The Mystery of Faith (Hebrews 11:1)

Faith shows the reality of what we hope for; it is the evidence of things we cannot see.

What is faith? It’s a word that I’ve used for most of my life, yet I still sometimes struggle to understand it fully. Since it substantially impacts how we experience life – not to mention eternity – I thought it’d be a good idea to look a little more closely at the definition found in Hebrews.

In short, faith is seeing what our senses can’t show us. It allows us to comprehend truth beyond the realm of our senses. That is why faith can be difficult for those who only trust what they can feel, see, smell, taste, or touch.

The author demonstrates this in two ways. First of all, faith is connected to hope. The word “reality” refers to documents that prove ownership. So you could say that faith gives us the foundation on which we can build our hope. It assures us of what we hope for, in the same way that a title deed proves that someone is the owner of a house.

In other words, faith accepts the promises of God as a fact, and this conviction opens the door for us to see them come true. Unfortunately, as the author points out later in the chapter, we won’t experience the realization of many prophecies until eternity, which certainly makes believing more of a challenge. Nevertheless, faith is the key to seeing the fulfillment of God’s promises in this life and beyond.

The second area that faith touches is the invisible world, which includes the spiritual realm and anything else beyond the ability of our eyes to see. The word “evidence” describes proof that demonstrates something to be true. In other words, thanks to faith, we can become convinced of realities that are typically invisible to us.

The author lists the creation of the universe as an example. None of us were there, so there are obviously no eye-witness accounts. Science can neither prove nor disprove what happened because it could never replicate it. Therefore, our beliefs about our origins can only be based on faith.

I can hear the comments now: “So, this means that there can be no evidence for faith.” This verse doesn’t say that. In fact, the author wrote the first ten chapters of Hebrews to prove that Jesus was the only way to salvation. So he understood the importance of having solid reasons to believe.

We do need a certain amount of proof to back our beliefs. Even God thinks so, or he wouldn’t have spent almost two thousand years preparing Israel for the Messiah, nor would he have gone through the trouble of having the Bible written. And Jesus wouldn’t have performed so many miracles to support his claim of being the Messiah.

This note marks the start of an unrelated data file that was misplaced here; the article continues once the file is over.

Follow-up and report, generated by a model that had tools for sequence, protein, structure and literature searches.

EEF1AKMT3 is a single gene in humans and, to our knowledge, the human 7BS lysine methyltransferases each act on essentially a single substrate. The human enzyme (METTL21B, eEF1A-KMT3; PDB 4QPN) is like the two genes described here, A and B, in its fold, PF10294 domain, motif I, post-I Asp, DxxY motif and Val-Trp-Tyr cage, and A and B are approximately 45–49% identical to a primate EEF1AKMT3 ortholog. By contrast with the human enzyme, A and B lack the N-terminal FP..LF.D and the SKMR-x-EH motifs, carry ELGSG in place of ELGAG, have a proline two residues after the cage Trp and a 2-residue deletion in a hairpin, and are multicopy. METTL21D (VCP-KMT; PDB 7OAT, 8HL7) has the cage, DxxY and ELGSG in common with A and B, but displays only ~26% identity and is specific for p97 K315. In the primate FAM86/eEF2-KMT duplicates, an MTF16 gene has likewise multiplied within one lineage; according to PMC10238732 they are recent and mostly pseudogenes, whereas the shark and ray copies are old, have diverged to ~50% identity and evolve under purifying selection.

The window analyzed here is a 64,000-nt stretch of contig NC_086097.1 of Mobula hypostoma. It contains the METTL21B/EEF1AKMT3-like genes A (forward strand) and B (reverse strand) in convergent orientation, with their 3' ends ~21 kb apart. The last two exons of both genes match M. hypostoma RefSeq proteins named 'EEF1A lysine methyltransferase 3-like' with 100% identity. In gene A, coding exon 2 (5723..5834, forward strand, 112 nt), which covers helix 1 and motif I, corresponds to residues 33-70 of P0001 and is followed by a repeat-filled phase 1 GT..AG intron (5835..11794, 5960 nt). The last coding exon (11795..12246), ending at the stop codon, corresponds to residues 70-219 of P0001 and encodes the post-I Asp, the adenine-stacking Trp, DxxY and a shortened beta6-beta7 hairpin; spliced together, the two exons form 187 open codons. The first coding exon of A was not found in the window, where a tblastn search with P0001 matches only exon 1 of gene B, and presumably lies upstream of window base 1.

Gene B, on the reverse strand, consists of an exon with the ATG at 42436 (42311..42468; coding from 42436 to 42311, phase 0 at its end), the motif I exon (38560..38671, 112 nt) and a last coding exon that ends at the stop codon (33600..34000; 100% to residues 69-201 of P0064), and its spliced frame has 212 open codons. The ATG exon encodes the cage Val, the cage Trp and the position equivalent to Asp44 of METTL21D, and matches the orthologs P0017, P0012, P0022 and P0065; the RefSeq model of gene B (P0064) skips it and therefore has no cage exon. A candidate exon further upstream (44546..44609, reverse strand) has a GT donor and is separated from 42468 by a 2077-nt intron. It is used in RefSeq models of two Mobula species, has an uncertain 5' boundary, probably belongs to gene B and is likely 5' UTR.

The historical evidence, the fulfilled prophecies, the experiences and testimonies of others, and even our very existence all give us the foundation we need to believe. Still, our senses have their limits, and that’s where faith comes in because it allows us to go beyond them. Ultimately, we must choose to accept what we can’t perceive – the proverbial “step of faith.”

Let me use the example of sky diving to illustrate what I mean. The parachute represents all the evidence for faith that our senses can process, and there’s no way we would take the plunge without it. But just sitting in the plane with the parachute on means nothing – we must head for the door and jump. Otherwise, we haven’t skydived. In the same way, we’ll never experience what God has for us unless we step out in faith.

In summary, faith is taking God at his word, allowing us to experience him, see his promises fulfilled, and grasp spiritual truth. It will always have an air of mystery because it operates beyond what we can see, feel, or touch. And yes, it may be a scary step to take, but it’s worth it.

close

May I interrupt you for a second?

If you like what you're reading, consider signing up to be notified whenever I post. It won't be too often. I promise.

I don’t spam! Read my privacy policy for more info.

Facebook
Twitter
Pinterest

This Post Has 2 Comments

  1. Anonymous

    Thanks again for sharing! Blessings, Joyce Eckardt

    1. Carol

      Blessings to you, too! 🙂

Leave a Reply

This site uses Akismet to reduce spam. Learn how your comment data is processed.